Confession time: I’ve probably spent a small fortune over my lifetime buying kitschy toys that remind me of a gentler, more innocent era in time. Lava lamps, Rubik’s Cubes, those little Evel Knievel stunt cycle action figures – you name it, I’ve owned all of those and many more.
Owning a nostalgic toy – or a dozen of them – is something I celebrate. I reject the notion of some philosophers who dismiss nostalgia as a denial of the present. Neither would I – as the popular song lyric goes – “trade all my tomorrows for one single yesterday.” Wave off all the cosmic commotion over living in the past and let’s just agree on this: It’s fun to have these fun little reminders from our younger days. It really can be that simple. Here are the items that still make me smile.
Fun for a girl and a boy
I still remember the words to the commercial jingle: “It’s Slinky, it’s Slinky. For fun it’s a wonderful toy. It’s fun for a girl and a boy.” Believe it or not, the first Slinky made its debut at a Gimbels department store in Philadelphia way back in November 1945. The “toy” was invented by a naval engineer named Richard T. James, who was working to develop “support springs” to stabilize instruments on ships sailing through rough seas. With a $500 loan, James and his wife had 400 units created for Gimbels’ toy department. They sold out in a mere 90 minutes.
Personal fortune teller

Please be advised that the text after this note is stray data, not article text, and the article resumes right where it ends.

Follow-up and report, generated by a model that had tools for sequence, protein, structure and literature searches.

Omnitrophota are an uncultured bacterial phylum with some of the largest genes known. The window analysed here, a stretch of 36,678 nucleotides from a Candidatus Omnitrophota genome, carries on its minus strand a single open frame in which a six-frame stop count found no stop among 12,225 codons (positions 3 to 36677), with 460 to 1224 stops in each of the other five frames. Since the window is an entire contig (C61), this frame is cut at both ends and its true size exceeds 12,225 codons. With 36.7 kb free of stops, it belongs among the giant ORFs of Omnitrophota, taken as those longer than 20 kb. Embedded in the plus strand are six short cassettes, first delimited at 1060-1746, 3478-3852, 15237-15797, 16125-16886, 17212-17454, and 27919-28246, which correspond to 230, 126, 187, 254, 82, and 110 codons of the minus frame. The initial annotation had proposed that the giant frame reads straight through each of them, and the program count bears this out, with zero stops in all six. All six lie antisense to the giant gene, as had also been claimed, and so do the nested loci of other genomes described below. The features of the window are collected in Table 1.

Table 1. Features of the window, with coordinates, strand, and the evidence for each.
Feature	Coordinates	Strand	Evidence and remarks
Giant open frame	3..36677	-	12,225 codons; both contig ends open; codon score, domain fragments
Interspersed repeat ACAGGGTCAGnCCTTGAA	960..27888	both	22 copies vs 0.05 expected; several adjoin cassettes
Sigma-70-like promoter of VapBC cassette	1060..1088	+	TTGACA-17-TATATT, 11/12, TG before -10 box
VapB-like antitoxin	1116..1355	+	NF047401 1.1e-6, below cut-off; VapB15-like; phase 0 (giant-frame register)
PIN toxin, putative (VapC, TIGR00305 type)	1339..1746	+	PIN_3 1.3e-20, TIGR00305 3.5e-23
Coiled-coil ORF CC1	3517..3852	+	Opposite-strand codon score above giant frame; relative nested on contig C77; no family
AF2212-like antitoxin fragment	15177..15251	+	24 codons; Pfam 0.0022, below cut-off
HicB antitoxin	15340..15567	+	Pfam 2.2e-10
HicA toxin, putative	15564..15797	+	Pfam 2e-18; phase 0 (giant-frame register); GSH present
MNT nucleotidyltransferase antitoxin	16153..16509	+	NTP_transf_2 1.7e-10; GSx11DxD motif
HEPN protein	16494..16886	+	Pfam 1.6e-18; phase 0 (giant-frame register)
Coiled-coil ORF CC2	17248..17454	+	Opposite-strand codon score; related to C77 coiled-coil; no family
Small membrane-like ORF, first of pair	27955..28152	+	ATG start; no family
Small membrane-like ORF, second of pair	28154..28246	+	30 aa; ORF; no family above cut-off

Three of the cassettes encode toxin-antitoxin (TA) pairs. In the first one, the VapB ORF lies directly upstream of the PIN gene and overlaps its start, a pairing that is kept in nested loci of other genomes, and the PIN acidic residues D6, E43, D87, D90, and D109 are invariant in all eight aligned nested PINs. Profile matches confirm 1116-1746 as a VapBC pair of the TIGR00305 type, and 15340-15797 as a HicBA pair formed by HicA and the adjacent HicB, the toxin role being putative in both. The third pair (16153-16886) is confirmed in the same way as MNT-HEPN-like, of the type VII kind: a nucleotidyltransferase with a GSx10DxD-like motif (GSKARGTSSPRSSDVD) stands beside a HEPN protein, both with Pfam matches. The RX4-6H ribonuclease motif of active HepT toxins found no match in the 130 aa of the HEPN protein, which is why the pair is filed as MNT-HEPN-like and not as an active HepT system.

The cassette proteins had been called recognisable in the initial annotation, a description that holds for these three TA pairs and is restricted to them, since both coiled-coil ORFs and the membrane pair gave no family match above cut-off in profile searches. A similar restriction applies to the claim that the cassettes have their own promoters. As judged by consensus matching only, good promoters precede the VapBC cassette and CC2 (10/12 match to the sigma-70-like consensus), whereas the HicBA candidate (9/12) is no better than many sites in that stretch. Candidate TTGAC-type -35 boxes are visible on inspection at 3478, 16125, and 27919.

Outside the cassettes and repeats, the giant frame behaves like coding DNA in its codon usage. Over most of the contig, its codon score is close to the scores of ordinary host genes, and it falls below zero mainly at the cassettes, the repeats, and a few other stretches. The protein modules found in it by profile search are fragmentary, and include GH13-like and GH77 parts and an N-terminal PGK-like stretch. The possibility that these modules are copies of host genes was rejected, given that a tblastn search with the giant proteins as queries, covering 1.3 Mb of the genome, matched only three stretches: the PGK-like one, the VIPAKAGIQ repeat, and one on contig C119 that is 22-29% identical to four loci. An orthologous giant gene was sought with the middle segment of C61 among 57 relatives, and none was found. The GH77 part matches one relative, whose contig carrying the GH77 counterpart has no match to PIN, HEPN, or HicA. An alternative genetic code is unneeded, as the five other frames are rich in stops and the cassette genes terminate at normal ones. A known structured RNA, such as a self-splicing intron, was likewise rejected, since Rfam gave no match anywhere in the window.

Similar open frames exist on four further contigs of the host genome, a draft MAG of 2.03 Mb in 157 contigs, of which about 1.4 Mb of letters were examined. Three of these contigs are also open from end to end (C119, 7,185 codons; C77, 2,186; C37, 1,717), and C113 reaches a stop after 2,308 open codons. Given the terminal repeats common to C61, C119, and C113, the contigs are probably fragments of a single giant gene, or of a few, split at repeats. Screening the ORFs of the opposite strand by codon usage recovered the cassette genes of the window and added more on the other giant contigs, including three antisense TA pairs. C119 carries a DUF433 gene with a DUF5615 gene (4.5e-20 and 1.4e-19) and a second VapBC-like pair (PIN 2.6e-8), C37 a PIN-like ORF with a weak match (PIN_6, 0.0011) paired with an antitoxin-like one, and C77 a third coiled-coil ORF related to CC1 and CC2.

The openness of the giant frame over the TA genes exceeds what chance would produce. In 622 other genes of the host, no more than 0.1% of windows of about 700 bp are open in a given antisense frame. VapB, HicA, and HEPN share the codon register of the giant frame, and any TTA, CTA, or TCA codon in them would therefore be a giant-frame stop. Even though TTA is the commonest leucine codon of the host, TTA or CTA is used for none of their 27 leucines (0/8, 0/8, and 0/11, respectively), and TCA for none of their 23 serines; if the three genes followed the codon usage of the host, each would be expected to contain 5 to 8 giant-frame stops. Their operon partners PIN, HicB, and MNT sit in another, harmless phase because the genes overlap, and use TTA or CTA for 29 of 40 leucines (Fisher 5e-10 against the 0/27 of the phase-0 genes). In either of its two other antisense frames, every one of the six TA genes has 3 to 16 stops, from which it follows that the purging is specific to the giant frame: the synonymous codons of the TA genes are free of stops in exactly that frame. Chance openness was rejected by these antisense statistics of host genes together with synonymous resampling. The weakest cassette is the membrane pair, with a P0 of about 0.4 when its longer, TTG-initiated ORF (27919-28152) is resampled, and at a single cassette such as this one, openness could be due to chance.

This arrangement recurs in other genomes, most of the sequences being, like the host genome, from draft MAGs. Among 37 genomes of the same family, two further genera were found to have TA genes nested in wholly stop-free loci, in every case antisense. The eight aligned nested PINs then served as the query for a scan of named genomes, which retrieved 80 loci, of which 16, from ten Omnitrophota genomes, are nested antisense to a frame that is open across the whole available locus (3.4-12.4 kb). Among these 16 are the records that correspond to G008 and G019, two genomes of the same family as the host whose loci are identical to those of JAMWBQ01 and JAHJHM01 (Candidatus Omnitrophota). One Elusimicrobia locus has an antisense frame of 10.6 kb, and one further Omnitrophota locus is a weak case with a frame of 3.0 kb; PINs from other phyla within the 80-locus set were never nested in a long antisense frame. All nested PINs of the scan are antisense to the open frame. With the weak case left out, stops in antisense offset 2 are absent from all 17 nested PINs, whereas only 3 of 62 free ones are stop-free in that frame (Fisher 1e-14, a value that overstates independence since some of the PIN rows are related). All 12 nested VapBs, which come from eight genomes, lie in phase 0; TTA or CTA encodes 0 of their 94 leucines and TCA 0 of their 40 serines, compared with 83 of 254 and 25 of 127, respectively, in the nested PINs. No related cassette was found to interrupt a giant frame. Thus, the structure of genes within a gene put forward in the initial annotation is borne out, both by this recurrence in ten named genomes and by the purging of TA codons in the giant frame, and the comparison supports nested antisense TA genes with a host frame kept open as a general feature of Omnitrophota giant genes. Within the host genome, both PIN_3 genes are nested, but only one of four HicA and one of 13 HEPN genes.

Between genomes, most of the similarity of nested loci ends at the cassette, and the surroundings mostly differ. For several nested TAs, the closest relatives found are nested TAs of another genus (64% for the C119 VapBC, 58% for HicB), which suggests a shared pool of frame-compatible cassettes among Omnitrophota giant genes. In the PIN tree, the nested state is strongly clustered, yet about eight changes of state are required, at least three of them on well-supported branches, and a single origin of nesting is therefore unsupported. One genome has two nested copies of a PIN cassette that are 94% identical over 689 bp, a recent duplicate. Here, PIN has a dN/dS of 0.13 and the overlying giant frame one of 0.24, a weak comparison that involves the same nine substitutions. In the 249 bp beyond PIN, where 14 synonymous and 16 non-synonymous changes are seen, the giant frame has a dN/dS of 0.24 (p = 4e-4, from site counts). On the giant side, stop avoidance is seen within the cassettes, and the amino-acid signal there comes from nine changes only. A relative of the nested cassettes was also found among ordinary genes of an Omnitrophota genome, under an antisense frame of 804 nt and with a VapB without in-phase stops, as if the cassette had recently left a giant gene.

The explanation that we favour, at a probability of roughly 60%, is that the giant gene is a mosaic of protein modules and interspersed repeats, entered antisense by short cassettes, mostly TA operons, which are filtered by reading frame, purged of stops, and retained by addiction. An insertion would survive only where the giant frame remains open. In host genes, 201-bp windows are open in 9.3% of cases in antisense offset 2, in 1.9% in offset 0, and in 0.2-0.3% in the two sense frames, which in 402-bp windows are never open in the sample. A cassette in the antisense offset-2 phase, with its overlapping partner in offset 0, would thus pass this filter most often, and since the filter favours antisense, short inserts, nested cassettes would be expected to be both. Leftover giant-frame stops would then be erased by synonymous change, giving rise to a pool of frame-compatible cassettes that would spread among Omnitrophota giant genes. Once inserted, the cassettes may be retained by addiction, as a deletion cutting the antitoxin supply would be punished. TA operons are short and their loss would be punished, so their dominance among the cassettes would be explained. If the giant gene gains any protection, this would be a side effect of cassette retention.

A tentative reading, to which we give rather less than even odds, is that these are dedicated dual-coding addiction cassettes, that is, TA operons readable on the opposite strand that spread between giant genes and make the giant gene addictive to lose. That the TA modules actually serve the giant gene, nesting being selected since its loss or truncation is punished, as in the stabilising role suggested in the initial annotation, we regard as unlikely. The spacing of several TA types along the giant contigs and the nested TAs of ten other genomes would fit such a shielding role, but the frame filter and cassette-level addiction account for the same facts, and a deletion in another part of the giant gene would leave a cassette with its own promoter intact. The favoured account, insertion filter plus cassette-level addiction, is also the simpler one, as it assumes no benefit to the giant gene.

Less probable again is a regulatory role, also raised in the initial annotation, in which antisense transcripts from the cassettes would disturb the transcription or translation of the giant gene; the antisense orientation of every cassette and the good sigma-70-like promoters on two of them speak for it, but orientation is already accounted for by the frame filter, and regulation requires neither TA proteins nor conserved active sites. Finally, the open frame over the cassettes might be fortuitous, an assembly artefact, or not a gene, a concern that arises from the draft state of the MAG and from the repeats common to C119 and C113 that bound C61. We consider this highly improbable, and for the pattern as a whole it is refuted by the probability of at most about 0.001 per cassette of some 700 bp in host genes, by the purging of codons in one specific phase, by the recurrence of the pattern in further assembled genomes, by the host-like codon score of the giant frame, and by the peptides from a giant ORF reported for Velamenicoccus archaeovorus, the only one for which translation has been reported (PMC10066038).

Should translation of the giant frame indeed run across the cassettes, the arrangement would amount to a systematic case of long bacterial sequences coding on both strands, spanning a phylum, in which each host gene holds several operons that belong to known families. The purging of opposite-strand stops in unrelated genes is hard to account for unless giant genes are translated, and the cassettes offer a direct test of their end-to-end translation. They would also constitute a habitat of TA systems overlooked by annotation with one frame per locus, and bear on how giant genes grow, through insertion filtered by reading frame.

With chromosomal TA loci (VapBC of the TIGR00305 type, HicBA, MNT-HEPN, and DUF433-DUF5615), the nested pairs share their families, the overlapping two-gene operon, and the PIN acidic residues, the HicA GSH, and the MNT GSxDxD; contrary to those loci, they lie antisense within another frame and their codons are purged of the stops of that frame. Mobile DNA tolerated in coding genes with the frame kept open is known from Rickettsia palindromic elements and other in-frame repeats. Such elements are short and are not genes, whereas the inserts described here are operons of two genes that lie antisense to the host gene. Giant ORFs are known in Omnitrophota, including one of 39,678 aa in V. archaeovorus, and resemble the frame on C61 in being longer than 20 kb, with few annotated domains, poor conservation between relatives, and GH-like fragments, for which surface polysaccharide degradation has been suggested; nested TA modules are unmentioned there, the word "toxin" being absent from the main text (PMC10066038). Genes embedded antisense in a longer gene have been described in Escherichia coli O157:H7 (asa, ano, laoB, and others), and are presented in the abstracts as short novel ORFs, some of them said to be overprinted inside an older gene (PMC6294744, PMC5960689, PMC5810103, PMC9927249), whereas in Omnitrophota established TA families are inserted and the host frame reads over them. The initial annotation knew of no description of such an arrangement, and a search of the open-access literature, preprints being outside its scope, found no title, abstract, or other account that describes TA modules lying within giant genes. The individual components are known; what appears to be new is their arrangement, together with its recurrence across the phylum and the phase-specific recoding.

“Oh Magic 8-Ball, will I be able to read this entire article without buying another one of you?” Answer: “Don’t count on it.” Though the idea of a fortune-telling billiard ball reportedly dates back to a “Three Stooges” skit from the 1940s, Mattel gets the credit for manufacturing the modern-day Magic 8-Ball in the ’50s. Ever wonder what’s inside? It’s a white plastic die floating in a pool of alcohol that has been died dark blue. The 8-ball’s instructions originally cautioned users from shaking the ball because the motion created white bubbles that made the die difficult to read. (In 1975, a “bubble free die agitator” was added so feel free to shake away now.)
An English engineer officially gets credit for inventing an “Astro Lamp” in 1963, but leave it to two Americans to discover it at a trade show, buy its rights and give the world the newly renamed Lava Lamp. Far out, dude! Of course, that’s not actually “lava” in the lamp – the original lamp used a mixture of mineral oil, paraffin wax and other chemicals to create the oozing effect. These days, the exact formula is a trade secret.
In a time before social influencers were cultural icons, there was Evel Knievel. The motorcycle stunt performer wowed audiences with audacious performances, including jumping the fountains at Caesar’s Palace in Las Vegas. In the ’70s, Knievel performed his stunts in front of sold-out crowds in some of the national’s biggest stadiums – breaking more than his fair share of bones in the aftermath. His image helped sell a estimated $125 million worth of toys during the decade, particularly this crank-up action figure and stunt cycle. It’s low-tech but high-imagination fun – something we all could use a little more of today.
Symbol of a decade
The 1980s has plenty of iconic toys, but the Rubik’s Cube seems to have stood the test of time. Ernõ Rubik, a Hungarian professor, created the first prototype in 1974 to help his students understand three-dimensional problems. But it took until the ’80s for a toy manufacturer to turn his idea into a phenomenon. Since 1982, international competitions are held to determine the world’s fastest cube solvers.
Tamagotchi is a virtual pet simulation game that’s played on a device the size of a keychain. Since its invention in Japan in 1966, nearly 100 million devices have been sold.